Schools compete in everything these days. From sports to music to dance to math, your local school probably has teams practicing for battle. The competitive spirit extends to science and engineering, too. Kids design robots, they fly drones; they build solar-powered race cars, all with their eyes on winning a contest somewhere.
Some schools have teams of kids working on building better mousetraps, not to catch rodents, but to race across a gym floor. How does that work? Mousetrap cars are actually a thing.
"You have one constraint, one mousetrap, that's it, what can you do with this mousetrap?" explains science teacher Diana Dworzan of Apollo Middle School in Hollywood.
The kids build cars using a mousetrap, CD's for wheels, with balloon shreds for tires. A string is attached from the trap's spring to an axle.
"Basically, when the spring goes back it stores potential energy, when you let go of the spring it snaps and lets out kinetic energy," said 6th-grade student Hailey Diaz, explaining the propulsion system.
There's actually a national competition for mousetrap cars, in Alabama, and the team from Apollo Middle is going.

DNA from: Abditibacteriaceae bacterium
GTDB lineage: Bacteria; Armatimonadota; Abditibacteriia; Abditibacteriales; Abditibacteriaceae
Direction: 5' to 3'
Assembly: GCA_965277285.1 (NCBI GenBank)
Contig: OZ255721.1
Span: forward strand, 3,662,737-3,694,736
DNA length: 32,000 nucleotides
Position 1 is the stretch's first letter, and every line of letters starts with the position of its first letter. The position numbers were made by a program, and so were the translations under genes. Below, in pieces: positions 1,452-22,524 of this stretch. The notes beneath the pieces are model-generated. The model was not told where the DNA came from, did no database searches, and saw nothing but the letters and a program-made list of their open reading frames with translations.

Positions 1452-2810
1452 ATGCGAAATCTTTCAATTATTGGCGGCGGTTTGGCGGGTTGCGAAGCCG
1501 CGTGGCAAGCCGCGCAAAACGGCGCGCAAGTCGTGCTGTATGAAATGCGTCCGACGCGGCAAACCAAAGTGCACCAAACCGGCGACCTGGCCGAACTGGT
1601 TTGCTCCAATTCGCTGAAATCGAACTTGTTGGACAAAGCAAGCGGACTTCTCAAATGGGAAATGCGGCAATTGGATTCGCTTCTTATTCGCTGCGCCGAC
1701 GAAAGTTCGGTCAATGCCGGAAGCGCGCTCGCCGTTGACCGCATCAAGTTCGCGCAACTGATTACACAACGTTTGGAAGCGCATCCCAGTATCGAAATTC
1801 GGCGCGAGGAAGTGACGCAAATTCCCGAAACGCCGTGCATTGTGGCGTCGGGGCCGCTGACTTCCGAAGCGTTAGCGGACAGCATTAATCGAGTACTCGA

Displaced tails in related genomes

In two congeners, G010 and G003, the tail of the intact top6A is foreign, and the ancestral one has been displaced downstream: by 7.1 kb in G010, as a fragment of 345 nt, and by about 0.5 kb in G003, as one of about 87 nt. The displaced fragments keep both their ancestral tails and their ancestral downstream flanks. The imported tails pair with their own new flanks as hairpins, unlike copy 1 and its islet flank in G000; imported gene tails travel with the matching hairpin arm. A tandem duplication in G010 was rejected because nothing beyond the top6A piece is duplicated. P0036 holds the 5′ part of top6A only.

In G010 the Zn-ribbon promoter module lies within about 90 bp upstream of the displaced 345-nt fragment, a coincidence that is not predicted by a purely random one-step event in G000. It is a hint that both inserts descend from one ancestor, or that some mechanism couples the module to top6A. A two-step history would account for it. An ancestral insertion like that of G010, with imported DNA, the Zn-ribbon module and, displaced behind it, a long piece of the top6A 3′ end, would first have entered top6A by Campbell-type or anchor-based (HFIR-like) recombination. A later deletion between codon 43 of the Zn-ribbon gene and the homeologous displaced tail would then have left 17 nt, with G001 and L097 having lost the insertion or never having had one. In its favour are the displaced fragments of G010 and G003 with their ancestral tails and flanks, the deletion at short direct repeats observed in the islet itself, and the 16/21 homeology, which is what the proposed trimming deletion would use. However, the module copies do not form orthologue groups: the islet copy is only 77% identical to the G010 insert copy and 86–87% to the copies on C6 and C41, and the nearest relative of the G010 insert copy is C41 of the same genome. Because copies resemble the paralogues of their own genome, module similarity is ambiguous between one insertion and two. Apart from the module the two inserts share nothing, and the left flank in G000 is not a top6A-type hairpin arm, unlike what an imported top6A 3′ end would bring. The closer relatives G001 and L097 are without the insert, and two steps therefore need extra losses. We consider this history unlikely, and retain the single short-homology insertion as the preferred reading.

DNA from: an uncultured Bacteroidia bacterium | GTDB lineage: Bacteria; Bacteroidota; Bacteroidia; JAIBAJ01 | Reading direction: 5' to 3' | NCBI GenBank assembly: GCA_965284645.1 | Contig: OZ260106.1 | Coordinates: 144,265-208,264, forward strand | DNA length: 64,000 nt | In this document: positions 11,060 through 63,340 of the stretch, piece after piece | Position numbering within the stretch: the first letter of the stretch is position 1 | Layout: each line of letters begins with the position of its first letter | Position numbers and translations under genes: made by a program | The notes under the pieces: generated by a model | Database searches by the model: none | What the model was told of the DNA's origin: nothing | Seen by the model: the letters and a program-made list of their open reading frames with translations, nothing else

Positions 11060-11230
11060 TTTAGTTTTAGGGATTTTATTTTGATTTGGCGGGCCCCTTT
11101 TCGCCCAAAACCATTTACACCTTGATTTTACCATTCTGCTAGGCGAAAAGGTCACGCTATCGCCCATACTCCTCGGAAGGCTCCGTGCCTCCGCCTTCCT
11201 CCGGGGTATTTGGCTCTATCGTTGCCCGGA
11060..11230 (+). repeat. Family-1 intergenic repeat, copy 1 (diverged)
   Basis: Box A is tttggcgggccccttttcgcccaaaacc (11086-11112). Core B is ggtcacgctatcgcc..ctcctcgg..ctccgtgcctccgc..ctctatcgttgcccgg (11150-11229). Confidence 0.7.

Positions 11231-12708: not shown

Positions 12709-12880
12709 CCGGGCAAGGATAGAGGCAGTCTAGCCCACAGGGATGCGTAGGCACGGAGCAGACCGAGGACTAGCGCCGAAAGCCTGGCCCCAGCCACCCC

"It's actually really exciting, like we're all ecstatic, it's amazing," Hailey told us.
The process of building, designing and racing the cars is hands-on learning.
"Something that they're learning in class in the abstract, they get to apply it through mousetraps," Dworzan said.
There's a ton of physics involved.
"You have to design it to be aerodynamic, you also have to think about friction, like in Newton's first law, an object in motion stays in motion unless acted upon by an outside force, that would be friction," Hailey said.
In Apollo's STEM program, the kids come to school early and stay late to indulge in their passions, including flying drones. They learn how to fly and program them, and they, too, compete against other schools' drone teams.
The students here also build underwater robots, learning concepts of engineering in the process, such as weight and drag. One student told us it's just like aeronautics except it's under water.
The idea is exposure. The teachers and principal want to show kids the possibilities of science and engineering. They're also pleased that so many girls are so into it.
"It energizes them, they're not sitting in a classroom having a teacher lecture to them and taking notes, they're actually able to put their hands on what they're doing, and they actually get to see the fruits of their labor and it excites them," said Principal Shawn Aycock. "We're a Title One school, 82% of my kids are on free or reduced lunch, and these competitions really give them an opportunity to shine and show that they can do just about anything."
Maybe building a better mousetrap isn't all that matters. It's trying, and trying, again and again which makes the difference.